The team at Sidley Austin has special experience in advising on the tax aspects of private equity and M&A transactions. The firm also represents clients in issues with the IRS and in litigation in various courts.
The partner in charge of the tax group in the Los Angeles office is Edwin Norris. He has experience in serving companies working in sectors such as energy, pharmaceutical and real estate. His practice is primarily focused on federal and state business taxation, with emphasis on the planning and implementation of tax-intensive transactions. He also works with tax controversies, and has represented a large motion picture studio for the past 27 years as its principal outside tax counsel.
The Los Angeles office of Skadden, Arps, Slate, Meagher & Flom represents US-based and multinational clients as well as large and middle-market and privately held companies. The firm's practitioners advise on corporate matters such as private equity, restructurings, M&A and corporate finance. The firm also offers services with respect to litigation.
The head of the Los Angeles office, Brian McCarthy, provides services within M&A, corporate governance issues and restructurings to companies and investment banking firms. His team of practitioners also has experience in structuring complex partnerships, advising REITs and representing sovereign wealth funds. Skadden has clients in the technology, energy, pharmaceutical, financial services and manufacturing sectors.
Michael Lebovitz and Steve Weerts lead the tax practice at White & Case. They provide sophisticated advice on international tax, structuring and TP services for regional, national and international clients. The firm's work is both inbound and outbound, encompassing large scale M&A, pre-acquisition restructuring and post-acquisition integration, cost sharing and supply chain rationalisation, sophisticated transfer pricing analysis and IRS controversies.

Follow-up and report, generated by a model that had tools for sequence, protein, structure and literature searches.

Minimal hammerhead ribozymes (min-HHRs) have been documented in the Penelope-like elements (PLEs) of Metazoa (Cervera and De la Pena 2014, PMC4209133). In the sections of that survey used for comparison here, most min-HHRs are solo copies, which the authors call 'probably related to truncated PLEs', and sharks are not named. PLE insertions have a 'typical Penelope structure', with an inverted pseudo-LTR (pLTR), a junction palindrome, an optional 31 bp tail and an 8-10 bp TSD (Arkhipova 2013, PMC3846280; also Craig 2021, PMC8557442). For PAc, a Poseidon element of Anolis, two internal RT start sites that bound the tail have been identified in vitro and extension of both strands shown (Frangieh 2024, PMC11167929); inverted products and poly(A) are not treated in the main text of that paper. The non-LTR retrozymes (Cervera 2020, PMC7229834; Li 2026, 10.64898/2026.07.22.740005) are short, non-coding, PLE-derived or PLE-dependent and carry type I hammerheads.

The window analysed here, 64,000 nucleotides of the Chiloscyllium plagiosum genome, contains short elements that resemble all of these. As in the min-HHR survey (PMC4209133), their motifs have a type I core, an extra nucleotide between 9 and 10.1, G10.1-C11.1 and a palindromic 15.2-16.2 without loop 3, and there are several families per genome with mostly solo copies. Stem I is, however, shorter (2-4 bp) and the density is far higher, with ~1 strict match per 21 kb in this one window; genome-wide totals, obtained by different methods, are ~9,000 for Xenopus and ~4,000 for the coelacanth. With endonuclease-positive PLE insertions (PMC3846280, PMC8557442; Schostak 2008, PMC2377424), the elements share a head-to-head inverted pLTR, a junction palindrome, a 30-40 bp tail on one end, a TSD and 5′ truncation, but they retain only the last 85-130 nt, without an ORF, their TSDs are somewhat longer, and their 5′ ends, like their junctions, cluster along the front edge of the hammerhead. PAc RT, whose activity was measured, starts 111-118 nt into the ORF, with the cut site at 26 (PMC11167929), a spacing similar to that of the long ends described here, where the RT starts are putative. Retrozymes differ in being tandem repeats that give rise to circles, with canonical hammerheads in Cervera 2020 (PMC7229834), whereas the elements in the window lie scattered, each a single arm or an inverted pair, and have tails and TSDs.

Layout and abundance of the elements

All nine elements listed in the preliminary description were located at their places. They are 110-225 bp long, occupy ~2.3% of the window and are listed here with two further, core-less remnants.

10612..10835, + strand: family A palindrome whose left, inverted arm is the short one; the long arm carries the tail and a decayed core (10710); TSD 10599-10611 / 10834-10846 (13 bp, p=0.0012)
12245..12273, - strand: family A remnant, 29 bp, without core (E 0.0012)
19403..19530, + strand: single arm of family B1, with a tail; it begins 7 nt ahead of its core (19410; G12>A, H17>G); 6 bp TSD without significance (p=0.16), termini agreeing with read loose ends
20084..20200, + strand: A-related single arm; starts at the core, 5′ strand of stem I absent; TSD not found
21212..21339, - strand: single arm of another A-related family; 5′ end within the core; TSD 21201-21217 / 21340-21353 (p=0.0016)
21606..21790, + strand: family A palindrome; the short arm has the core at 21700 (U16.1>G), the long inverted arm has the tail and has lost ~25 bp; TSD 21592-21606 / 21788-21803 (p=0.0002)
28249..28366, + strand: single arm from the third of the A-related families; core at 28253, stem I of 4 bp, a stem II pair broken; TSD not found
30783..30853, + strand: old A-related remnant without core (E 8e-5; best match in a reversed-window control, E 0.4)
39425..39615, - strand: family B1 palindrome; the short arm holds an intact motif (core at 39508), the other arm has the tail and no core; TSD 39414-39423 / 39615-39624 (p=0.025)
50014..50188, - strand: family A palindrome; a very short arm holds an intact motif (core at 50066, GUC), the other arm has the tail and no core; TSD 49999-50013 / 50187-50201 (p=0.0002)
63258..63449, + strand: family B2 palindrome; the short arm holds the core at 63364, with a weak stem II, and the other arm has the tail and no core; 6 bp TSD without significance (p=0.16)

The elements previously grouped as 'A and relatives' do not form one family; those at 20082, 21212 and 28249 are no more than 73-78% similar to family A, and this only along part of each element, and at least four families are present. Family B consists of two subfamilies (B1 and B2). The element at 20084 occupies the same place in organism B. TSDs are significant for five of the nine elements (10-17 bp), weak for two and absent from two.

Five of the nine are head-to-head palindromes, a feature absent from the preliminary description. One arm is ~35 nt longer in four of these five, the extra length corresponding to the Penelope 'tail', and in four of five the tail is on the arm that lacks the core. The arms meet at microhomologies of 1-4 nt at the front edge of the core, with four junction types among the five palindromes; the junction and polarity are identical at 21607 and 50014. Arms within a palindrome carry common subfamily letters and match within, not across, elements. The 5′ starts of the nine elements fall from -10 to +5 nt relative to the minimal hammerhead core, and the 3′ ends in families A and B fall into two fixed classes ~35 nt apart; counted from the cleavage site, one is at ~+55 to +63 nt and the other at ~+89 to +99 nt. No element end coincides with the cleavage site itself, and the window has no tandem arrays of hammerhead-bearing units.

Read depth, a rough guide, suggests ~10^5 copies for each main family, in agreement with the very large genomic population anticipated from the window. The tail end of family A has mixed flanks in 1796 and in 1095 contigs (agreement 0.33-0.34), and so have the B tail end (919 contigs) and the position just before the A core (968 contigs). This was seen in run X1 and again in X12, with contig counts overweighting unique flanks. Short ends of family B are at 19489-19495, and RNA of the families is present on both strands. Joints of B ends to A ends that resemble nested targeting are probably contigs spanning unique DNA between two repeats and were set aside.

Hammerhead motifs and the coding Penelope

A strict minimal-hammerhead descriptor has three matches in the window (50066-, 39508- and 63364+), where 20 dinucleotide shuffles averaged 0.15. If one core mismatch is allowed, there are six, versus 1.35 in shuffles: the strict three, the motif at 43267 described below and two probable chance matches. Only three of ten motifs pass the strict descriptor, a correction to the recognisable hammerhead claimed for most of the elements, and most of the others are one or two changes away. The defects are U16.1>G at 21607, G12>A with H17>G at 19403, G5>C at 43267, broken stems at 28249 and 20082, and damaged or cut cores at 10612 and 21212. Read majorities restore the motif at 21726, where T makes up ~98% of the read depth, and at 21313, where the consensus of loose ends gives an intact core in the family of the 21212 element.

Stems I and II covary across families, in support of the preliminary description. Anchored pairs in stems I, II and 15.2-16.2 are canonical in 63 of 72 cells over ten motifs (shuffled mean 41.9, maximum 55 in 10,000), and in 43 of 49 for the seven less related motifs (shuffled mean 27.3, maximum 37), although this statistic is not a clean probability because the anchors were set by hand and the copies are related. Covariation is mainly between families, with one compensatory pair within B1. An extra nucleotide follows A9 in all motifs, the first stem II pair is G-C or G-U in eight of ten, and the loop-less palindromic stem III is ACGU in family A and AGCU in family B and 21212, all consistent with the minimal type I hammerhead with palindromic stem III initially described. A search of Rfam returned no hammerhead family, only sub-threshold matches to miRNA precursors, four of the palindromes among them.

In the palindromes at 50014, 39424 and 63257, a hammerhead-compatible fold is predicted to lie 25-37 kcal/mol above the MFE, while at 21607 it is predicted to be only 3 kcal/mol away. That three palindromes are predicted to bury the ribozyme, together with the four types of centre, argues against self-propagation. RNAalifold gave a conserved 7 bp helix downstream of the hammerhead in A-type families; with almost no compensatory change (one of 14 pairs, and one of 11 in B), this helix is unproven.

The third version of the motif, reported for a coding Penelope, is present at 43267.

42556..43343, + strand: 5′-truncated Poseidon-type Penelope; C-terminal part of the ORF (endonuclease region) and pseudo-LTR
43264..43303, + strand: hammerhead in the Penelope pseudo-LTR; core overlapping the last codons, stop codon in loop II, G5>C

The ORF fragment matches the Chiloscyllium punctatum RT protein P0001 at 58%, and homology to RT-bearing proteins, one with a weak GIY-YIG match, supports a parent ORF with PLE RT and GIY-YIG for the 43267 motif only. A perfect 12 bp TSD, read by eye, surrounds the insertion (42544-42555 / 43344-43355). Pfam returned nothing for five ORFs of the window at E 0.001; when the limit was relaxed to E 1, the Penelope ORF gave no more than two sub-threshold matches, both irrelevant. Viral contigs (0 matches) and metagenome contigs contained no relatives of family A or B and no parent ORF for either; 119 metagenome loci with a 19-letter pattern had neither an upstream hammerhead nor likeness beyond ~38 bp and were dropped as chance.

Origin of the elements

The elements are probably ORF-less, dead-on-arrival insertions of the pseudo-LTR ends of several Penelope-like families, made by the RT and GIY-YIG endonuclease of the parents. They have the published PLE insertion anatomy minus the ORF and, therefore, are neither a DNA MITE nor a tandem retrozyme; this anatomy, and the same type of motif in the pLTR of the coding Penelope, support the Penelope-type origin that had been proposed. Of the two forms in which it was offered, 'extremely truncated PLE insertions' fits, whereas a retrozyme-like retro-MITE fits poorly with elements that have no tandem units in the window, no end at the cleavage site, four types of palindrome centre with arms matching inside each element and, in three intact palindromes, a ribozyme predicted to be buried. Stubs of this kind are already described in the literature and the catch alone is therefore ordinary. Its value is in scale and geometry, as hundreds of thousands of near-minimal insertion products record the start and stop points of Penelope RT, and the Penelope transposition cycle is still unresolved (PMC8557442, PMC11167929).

Last year, the firm worked on structuring and implementing a joint venture between a US venture capital fund and a German-based multinational for renewable energy projects in the UK and elsewhere around the world. Other clients work in industries such as healthcare, manufacturing, TMT, transport, computers, software, online and digital, and energy and utilities.
Both Lebovitz and Weerts worked in a leading tax practice in Los Angeles before coming to White & Case in 2015. Lebovitz's practice focuses on international business and tax planning. He advises on the tax aspects of international joint ventures, cross-border M&A, post-transaction integration, international corporate finance, capital market transactions and general international tax planning matters. Weerts's practice focuses on the tax aspects of cross-border deals and multi-jurisdictional transactions. He has extensive experience in M&A, supply chain and intellectual property (IP) planning, legal entity rationalisation, transfer pricing, VAT/GST planning and capital markets transactions.
"They always provide timely and well thought out and thorough advice," a client said.
|Tier 1 - US: Los Angeles|
|Tier 2 - US: Los Angeles|
|Gibson, Dunn & Crutcher|
|Latham & Watkins|
|Skadden, Arps, Slate, Meagher & Flom|
|Tier 3 - US: Los Angeles|
|Hochman, Salkin, Rettig, Toscher & Perez|
|Irell & Manella|
|Munger, Tolles & Olson|
|O'Melveny & Myers|
|Tier 4 - US: Los Angeles|
|Loeb & Loeb|
|Pillsbury Winthrop Shaw Pittman|
|Firms to watch - US: Los Angeles|
|White & Case|